The chances of enacting the Internet Radio Fairness Act proposed by Jason Chaffetz (R-UT) by year’s end are minimal at best. Incoming House Judiciary Chair Bob Goodlatte (R-VA) said a hearing on it would be the first of many on the topic in general – and that spells spillover into 2013. And AM-FM performance royalties will definitely be noisy part of the proceedings to come.
The Chaffetz bill seeks to bring rates paid by internet audio services into parity with rates paid by satellite and cable services, a move that would also benefit broadcasters who stream music on the internet. In support of his bill, Chaffetz enumerate the many companies that have exited the business because the royalty structure made it impossible to make the numbers work.
Goodlatte, who is currently the chair of the Subcommittee and will move up to the full committee chair in place of Lamar Smith (R-TX) said he was open to such legislation, but signaled that today’s hearing was just the beginning of a series of hearings on the topic.
Subcommittee Ranking Member Melvin Watt (D-NC) said that the focus us IRFA is simply too narrow, and set his sights squarely on terrestrial radio. He said the lack of a performance royalty for broadcast outlets was the primary area in need of change. His comments were echoed by full committee Ranking Member John Conyers (D-MI), sponsor of the ill-fated Performance Royalty Act.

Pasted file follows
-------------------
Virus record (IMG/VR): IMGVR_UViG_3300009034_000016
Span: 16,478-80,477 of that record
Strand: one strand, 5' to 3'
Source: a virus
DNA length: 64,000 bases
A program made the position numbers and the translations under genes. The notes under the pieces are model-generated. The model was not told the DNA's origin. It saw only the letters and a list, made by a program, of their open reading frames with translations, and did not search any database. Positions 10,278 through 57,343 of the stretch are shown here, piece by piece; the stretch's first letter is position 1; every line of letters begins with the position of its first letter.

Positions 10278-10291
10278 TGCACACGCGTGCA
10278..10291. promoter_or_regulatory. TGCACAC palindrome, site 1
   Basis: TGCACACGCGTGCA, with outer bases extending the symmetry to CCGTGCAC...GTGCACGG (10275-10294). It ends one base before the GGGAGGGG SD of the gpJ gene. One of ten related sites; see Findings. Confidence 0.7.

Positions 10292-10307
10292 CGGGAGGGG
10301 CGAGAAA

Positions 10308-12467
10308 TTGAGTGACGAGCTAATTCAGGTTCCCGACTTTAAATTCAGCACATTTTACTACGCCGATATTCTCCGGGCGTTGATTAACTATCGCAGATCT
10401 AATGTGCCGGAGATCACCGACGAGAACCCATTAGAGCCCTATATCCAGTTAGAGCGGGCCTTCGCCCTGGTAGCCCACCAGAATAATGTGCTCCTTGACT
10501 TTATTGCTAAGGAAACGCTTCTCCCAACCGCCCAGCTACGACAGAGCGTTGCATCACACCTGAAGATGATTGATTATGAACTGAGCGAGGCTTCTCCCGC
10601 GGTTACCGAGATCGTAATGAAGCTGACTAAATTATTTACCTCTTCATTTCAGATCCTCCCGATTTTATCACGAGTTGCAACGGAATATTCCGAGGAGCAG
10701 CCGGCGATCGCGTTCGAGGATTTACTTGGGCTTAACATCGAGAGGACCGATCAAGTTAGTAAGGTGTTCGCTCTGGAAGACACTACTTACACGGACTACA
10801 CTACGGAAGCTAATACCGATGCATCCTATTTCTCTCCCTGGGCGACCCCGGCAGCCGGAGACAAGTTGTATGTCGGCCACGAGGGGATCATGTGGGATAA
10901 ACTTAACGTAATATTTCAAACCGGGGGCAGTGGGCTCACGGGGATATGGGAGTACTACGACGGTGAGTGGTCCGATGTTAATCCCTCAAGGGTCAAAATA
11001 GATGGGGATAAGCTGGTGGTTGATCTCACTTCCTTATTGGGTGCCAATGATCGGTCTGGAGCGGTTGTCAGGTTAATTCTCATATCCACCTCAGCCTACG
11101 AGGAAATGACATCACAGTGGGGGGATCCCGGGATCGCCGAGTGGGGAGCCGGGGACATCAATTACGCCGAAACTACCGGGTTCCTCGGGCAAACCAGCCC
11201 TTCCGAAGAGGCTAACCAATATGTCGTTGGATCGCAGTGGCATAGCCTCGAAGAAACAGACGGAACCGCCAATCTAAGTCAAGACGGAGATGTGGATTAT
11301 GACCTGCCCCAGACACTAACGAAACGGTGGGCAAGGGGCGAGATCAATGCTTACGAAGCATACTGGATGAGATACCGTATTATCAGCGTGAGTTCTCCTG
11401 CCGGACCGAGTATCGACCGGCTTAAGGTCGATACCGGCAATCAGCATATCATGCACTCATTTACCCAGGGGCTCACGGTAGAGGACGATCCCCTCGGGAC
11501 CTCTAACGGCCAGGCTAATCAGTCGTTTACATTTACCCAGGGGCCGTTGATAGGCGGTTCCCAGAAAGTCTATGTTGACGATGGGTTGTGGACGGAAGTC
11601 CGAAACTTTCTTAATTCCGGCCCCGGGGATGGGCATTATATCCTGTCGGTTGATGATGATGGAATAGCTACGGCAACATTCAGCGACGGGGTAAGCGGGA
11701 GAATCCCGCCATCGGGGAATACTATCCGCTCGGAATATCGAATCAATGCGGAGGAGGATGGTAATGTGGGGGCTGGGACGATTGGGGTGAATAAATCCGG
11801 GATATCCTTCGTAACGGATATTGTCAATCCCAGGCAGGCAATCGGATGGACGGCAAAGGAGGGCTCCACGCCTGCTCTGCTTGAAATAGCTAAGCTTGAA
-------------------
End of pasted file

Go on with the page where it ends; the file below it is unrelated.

Witnesses said that the rates paid by services such as Pandora were ridiculously high or woefully low, depending on which side of the debate they were on.
The too high witnesses included Pandora’s Joseph J. Kennedy, Hubbard Broadcasting’s Bruce Reese, and venture capital firm Venrock’s David Pakman.
Taking the too low position were The Recording Academy Chair Emeritus Jimmy Jam, Navigant Economics principal Jeffrey A. Eisenach and SoundExchange’s Michael Huppe.